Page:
James O'Brien

I am a contributing editor/writer/troublemaker for NBC's Pro Hockey Talk blog.
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Report: Schmidt, Golden Knights actually went to salary arbitration

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Something rare happened on Thursday: a salary arbitration hearing actually happened as scheduled.

The Vegas Golden Knights and defenseman Nate Schmidt appeared before a Toronto arbiter today, according to a report by Steve Carp of the Las Vegas Review-Journal.

Carp reports that the two sides are seeking the following parameters:

Schmidt: one year, $2.75 million.

Golden Knights: two years, $1.9 million.

(More on that here.)

These processes can sometimes be brutal, bringing certain players to tears. This case might be a little different, as Vegas selected Schmidt via the expansion draft. There isn’t quite the same development history since he was a member of the Washington Capitals, although Vegas GM George McPhee likely has some familiarity with Schmidt from his late Caps days.

The two sides still have 48 hours to hash something out before the arbiter actually makes a ruling on Saturday.

It’s Detroit Red Wings day at PHT

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A lot ended for the Detroit Red Wings last season.

After making the playoffs for all 26 seasons since 1990-91, the Red Wings finally failed to reach the postseason in 2016-17.

There was a sad symbolism of this being the end of an era in another way, as the Red Wings played their final games at Joe Louis Arena.

So … what now?

At the moment, the Red Wings still seem primed to be a big-spending team. After somewhat surprisingly reaching a deal with Tomas Tatar and with Andreas Athanasiou still in need of a deal, it looks like Detroit will be close to the cap ceiling to begin 2017-18.

This comes even though the Red Wings don’t really seem like a dramatically different team on paper. Aside from adding another veteran defenseman in Trevor Daley, this is largely the same group, especially after Petr Mrazek wasn’t scooped up by the Vegas Golden Knights.

Detroit still employs an array of aging players, and in the case of its forwards in specific, the Red Wings possess a lot of worrisome deals. One would assume that, eventually, GM Ken Holland and/or someone else needs to start cleaning that up.

But, could this team still scrap together a decent season in 2017-18? If so, which factors work for and against them? PHT tackles the Red Wings on Thursday, so stay tuned.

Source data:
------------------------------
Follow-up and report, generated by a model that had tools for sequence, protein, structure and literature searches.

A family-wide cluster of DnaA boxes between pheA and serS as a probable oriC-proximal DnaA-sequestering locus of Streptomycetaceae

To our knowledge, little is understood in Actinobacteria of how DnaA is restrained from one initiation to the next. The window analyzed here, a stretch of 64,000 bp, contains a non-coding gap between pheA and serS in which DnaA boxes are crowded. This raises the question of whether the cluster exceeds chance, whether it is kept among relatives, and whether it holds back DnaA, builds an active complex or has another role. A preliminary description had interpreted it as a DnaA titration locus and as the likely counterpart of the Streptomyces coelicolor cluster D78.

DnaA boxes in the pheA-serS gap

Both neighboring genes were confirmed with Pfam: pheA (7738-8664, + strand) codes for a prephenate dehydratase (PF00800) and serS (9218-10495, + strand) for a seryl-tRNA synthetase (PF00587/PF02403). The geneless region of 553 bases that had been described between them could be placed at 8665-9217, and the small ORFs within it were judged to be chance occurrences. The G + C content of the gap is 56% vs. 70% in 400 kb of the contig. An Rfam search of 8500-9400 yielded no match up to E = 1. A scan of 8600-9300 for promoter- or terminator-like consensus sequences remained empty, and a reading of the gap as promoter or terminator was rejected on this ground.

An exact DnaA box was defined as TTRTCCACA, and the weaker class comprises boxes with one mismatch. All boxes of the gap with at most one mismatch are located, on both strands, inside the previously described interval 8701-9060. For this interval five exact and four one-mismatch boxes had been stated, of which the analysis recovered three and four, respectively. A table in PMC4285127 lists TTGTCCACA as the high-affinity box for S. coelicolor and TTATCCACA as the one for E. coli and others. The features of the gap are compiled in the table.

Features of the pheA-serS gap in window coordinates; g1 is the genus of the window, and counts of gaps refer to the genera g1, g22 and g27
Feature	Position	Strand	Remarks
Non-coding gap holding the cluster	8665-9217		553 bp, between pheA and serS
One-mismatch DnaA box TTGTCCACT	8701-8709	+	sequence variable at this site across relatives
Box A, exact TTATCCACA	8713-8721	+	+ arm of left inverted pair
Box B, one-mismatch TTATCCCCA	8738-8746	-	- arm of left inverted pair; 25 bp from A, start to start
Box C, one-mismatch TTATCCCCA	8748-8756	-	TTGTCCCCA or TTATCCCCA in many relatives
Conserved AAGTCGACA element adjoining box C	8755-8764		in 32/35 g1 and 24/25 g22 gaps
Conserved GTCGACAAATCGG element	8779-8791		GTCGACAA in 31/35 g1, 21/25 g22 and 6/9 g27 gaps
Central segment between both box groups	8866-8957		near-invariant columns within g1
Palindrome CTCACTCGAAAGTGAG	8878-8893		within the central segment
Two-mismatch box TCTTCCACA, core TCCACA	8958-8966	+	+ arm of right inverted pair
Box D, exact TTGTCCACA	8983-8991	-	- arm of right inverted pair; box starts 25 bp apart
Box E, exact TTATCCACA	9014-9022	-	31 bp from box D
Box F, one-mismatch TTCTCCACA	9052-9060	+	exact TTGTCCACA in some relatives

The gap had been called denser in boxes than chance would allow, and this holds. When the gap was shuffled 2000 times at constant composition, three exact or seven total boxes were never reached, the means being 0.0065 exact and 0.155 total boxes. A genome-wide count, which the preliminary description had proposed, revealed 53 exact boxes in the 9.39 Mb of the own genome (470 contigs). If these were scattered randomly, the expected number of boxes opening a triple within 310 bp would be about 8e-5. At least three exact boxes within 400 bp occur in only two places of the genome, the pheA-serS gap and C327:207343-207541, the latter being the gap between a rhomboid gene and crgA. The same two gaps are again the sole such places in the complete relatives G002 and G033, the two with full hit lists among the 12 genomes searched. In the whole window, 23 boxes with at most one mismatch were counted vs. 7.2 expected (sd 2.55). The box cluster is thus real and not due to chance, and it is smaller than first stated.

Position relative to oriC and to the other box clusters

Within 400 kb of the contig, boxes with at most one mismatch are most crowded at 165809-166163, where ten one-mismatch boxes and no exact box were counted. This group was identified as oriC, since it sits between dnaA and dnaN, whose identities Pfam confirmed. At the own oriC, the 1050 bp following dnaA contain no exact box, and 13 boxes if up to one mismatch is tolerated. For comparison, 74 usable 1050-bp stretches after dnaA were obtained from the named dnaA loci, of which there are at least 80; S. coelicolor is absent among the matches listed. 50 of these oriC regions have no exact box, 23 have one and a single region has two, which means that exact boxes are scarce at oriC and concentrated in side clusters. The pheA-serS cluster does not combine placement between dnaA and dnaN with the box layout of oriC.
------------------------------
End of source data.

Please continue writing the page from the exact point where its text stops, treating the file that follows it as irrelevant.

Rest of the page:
Kucherov’s agent: ‘Everything is good’ with Lightning after comments

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Nikita Kucherov fumed about last season early this summer, something his agent Dan Milstein did not deny. Now Milstein’s back to claim that Kucherov and Tampa Bay Lightning GM Steve Yzerman smoothed things over in a meeting, according to Joe Smith of the Tampa Bay Times.

“(Kucherov and Yzerman) did have a meeting,” Milstein said to Smith. “They got on the same page. There’s no disagreements.

“Everything is good. What was said is done, stays in the past.”

Milstein added that Kucherov “hopes to have a redo this year,” which probably seems to apply to the Lightning as a team in 2017-18.

And, honestly, Kucherov had a point when he seared some of his linemates, though it wasn’t particularly fair to compare them to Steven Stamkos. After all, with 40 goals ranking second and 85 points coming in fifth in the NHL overall – despite the injuries and line juggling – Kucherov clearly came to play, each and every night.

The real test will come soon enough, anyway, as Kucherov’s current ridiculous bargain of a $4.77 million cap hit only lasts through 2018-19, even though he’ll be an RFA after that season.

As usual, winning can heal a lot of wounds, and Kucherov would likely factor into that success in a big way.

More on that from the Tampa Bay Times.

Duchene tries to be ‘relaxed’ about Avs, trade rumors

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“It is what it is.”

“Whatever’s going to happen is gonna happen.”

Honestly, those are the sort of phrases you hear when someone’s … well, unhappy at work.